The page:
Film Review: Baby Driver

Written, Directed and Produced by Edgar Wright

**Spoilers**

I like to think I’m fairly familiar with the work of Edgar Wright, I first watched his work in the TV series Spaced which he directed in 2001, and just fell for his quirky, cross-cutting style. The opening scene of Spaced is excellent; the two sets of dialogue between Tim and Daisy I think has yet to be beat.

EW Spaced 2001

Other films include, (as writer, director or producer), Attack the Block, Shaun of the Dead, Hot Fuzz, Scott Pilgrim versus The World and The Worlds End.

Anyway, to Baby Driver.

This is essentially a romance story – boy meets girl, boy tries to get out of debt with criminals, boy does one last job…

Does he get the girl? Watch the film!

There is good balance of action, dialogue and drama; often directors today get so excited by new toys/technology, that they fill the screen with eye-watering action top to bottom, left to right, continuously; to the detriment of any plot there may have been. Wright tells us a story, which is how it should be, after all, movies are just another form of storytelling, and he tells it well, through the driving, through the lines;

Buddy: Is she a good girl? You love her?

Baby: Yes, I do.

Buddy: That’s too bad.

 

Wright has excellent timing, not only with his trademark cuts of visuals and hyper sound effects, but just when you begin to wonder if the whole film will consist of Baby dancing down the street for his coffee, he, Wright, cuts to a new rhythm, and that’s what the film has running through it – rhythm. It is excellently choreographed from start to finish; people walking, dancing, talking, counting money, placing items down on tables, cars whizzing past trucks, every last element is perfect.

Ansel Elgort (The Divergent series) is the titular Baby; he appears at turns vulnerable, cool and collected, and incredibly sweet; especially in his scenes with Debora, played by Lily James (Downton Abbey)

EW baby and debora

Kevin Spacey (House of Cards) plays Doc, the brains and organiser behind each job.  Jamie Foxx (Django Unchained) is Bats, and he is; he claims the monopoly on the one with ‘mental problems’.  Jon Hamm and Eiza González are deliciously deadly as Buddy and Darling, a couple with ‘His’ and ‘Hers’ tattoos on their necks, they stand side-by-side like Mexican anti-heroes in a Robert Rodriguez movie.

EW Baby Driver 2

Cranked up to the max; the car chases combined with the playlist that is always playing in Baby’s ear-buds, are as balletic as any performance of Swan Lake. I imagine Wright designed and planned the furiously fast and dizzying manoeuvres as ‘car-dance’ deliberately.

Baby’s playlist –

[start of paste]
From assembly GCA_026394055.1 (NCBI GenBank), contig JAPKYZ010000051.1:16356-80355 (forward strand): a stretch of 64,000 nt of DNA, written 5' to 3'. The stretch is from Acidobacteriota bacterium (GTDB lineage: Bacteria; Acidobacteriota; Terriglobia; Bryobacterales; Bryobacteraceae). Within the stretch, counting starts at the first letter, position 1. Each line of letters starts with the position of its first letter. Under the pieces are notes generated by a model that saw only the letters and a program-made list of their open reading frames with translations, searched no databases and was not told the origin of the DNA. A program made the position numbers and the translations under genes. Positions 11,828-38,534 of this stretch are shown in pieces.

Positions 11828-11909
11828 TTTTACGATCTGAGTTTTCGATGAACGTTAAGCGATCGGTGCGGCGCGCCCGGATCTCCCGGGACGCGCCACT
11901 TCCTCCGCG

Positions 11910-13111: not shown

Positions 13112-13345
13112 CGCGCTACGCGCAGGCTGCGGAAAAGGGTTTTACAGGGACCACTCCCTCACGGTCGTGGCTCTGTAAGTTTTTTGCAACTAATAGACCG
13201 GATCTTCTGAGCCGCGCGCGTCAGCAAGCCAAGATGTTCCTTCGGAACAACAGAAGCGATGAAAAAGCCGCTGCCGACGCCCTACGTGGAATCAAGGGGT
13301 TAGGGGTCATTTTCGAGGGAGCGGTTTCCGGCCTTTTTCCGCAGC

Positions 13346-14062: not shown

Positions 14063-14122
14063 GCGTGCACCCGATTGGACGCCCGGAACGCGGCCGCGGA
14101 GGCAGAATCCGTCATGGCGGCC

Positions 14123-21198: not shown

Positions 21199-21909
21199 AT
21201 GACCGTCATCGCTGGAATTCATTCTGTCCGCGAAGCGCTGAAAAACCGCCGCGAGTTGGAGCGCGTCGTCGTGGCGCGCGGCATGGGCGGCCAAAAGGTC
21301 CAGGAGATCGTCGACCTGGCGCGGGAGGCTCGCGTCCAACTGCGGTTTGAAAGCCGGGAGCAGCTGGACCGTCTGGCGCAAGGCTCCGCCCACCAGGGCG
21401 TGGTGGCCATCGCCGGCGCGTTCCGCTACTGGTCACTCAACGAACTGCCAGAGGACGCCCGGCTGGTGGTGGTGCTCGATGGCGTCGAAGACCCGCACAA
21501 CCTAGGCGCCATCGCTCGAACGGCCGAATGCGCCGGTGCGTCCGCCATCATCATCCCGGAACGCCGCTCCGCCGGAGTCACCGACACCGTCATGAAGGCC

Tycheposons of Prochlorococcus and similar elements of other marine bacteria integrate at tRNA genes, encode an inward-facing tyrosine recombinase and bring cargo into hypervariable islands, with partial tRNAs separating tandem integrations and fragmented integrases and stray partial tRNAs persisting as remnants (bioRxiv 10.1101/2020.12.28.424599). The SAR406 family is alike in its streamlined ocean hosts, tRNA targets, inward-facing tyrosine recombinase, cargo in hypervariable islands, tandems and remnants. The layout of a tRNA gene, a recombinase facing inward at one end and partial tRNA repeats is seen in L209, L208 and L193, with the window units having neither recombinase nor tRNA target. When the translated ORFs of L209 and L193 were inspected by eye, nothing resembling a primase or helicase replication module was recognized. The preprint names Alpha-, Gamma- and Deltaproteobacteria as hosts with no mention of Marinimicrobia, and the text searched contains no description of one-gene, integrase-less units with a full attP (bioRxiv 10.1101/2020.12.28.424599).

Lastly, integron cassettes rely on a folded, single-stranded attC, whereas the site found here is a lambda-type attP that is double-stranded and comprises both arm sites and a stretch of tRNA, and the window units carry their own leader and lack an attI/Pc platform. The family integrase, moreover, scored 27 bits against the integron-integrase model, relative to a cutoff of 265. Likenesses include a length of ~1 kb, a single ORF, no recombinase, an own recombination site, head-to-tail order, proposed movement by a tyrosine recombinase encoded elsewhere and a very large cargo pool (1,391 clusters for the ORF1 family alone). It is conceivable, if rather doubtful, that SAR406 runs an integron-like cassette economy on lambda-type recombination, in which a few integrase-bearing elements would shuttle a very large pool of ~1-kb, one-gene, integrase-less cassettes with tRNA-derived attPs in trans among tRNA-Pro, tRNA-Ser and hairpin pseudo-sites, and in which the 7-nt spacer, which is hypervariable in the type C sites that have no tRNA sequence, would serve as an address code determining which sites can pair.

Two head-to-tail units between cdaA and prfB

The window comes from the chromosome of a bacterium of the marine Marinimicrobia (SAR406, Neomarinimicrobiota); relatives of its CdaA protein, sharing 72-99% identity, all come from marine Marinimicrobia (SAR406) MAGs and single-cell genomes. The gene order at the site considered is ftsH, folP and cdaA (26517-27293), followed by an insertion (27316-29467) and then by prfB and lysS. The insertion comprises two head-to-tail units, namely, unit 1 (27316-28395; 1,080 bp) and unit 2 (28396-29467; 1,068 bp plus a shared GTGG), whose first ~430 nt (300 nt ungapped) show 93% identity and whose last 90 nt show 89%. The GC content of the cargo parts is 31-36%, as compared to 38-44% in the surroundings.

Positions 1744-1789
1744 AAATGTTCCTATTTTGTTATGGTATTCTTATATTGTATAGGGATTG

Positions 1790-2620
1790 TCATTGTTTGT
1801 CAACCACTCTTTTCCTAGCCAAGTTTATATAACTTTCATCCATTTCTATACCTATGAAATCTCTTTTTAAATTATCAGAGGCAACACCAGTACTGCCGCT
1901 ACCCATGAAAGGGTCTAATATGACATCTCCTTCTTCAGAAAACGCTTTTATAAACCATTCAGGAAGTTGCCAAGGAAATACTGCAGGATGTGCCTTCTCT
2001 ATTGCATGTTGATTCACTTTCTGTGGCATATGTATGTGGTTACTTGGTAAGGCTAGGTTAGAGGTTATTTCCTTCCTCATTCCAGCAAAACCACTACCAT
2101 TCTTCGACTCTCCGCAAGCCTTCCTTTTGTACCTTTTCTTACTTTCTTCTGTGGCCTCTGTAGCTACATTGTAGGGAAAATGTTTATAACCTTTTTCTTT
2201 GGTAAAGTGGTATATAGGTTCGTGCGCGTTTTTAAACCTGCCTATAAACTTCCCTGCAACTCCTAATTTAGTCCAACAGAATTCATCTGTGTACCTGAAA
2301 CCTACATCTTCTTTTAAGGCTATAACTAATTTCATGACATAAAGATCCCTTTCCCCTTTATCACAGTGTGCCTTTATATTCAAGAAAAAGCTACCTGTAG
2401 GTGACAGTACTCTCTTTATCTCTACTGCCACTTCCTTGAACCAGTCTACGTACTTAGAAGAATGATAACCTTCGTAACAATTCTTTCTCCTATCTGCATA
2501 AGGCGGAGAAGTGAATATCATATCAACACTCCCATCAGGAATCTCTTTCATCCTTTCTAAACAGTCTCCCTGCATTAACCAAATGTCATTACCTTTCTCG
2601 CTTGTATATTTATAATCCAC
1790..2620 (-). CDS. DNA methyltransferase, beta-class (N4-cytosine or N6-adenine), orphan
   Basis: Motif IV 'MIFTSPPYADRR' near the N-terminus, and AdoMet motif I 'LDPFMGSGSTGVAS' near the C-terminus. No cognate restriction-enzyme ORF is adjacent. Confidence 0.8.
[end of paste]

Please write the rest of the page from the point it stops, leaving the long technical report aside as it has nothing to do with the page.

1. Jon Spencer Blues Explosion—“Bellbottoms”
2. Bob & Earl—“Harlem Shuffle”
3. Jonathan Richman & The Modern Lovers—“Egyptian Reggae”
4. Googie Rene—“Smokey Joe’s La La”
5. The Beach Boys—“Let’s Go Away For Awhile”
6. Carla Thomas—“B-A-B-Y”
7. Kashmere Stage Band—“Kashmere”
8. Dave Brubeck—“Unsquare Dance”
9. The Damned—“Neat Neat Neat”
10. The Commodores—“Easy (Single Version)“
11. T. Rex—“Debora”
12. Beck—“Debra”
13. Incredible Bongo Band—“Bongolia”
14. The Detroit Emeralds—“Baby Let Me Take You (in My Arms)“
15. Alexis Korner—“Early In The Morning”
16. David McCallum—“The Edge”
17. Martha and the Vandellas—“Nowhere To Run”
18. The Button Down Brass—“Tequila”
19. Sam & Dave—“When Something Is Wrong With My Baby”
20. Brenda Holloway—“Every Little Bit Hurts”
21. Blur—“Intermission”
22. Focus—“Hocus Pocus (Original Single Version)“
23. Golden Earring—“Radar Love (1973 Single Edit)“
24. Barry White—“Never, Never Gone Give Ya Up”
25. Young MC—“Know How”
26. Queen—“Brighton Rock”
27. Sky Ferreira—“Easy”
28. Simon & Garfunkel—“Baby Driver”
29. Kid Koala—“Was He Slow (Credit Roll Version)”
30. Danger Mouse (featuring Run The Jewels and Big Boi)—“Chase Me”

 

Baby even halts a job – mid getaway – until he’s found Golden Earring’s Radar Love, before flooring a ’86 purple Chevy Caprice. Baby remains cool at all times; given his age compared to his ‘colleagues’, it’s a pretty impressive performance he puts on for them; whilst his ‘crew’ shout and panic around him to get driving, Baby won’t be pushed till he finds the right tunes.

Is Baby scared? Hell yeah, he’s got his old foster dad, Joseph, back home (CJ Jones), from whom Baby has learnt sign-language and lip reading, and he wants to keep him safe. There is an incredibly touching moment near the end when Baby is taking Joseph to safety, I admit I nearly cried – Baby’s not a bad guy really, he just got in with the wrong crowd. And inevitably, his new love Debora becomes a target in the bid to squeeze more out of Baby, whether a job or simply pain.

I take my hat off to the stunt drivers; way too many to name, but what a fantastic job!!

NB: Don’t sit too close to the screen – like we did – it’ll make your head spin as fast as the cars – my eyes were seriously challenged.

 

 

 

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Alexandra

I'm a writer - or at least I am trying to be - a miscellany of genres, some published, some not. Hates pulses, litter, dog poo, noisy neighbours, our street, spitting, adverts, modern cars, yellow shoes, liver, and people who moan...

2 thoughts on “Film Review: Baby Driver”

    1. Morning Lesley,
      For the life of me, I cannot find the links to your page, I have never visited demonecromancy, as far as I know.
      Could you send me the word/phrases that link to your page and I will edit them.
      Many apologies, and, weird.
      Alexandra

      Like

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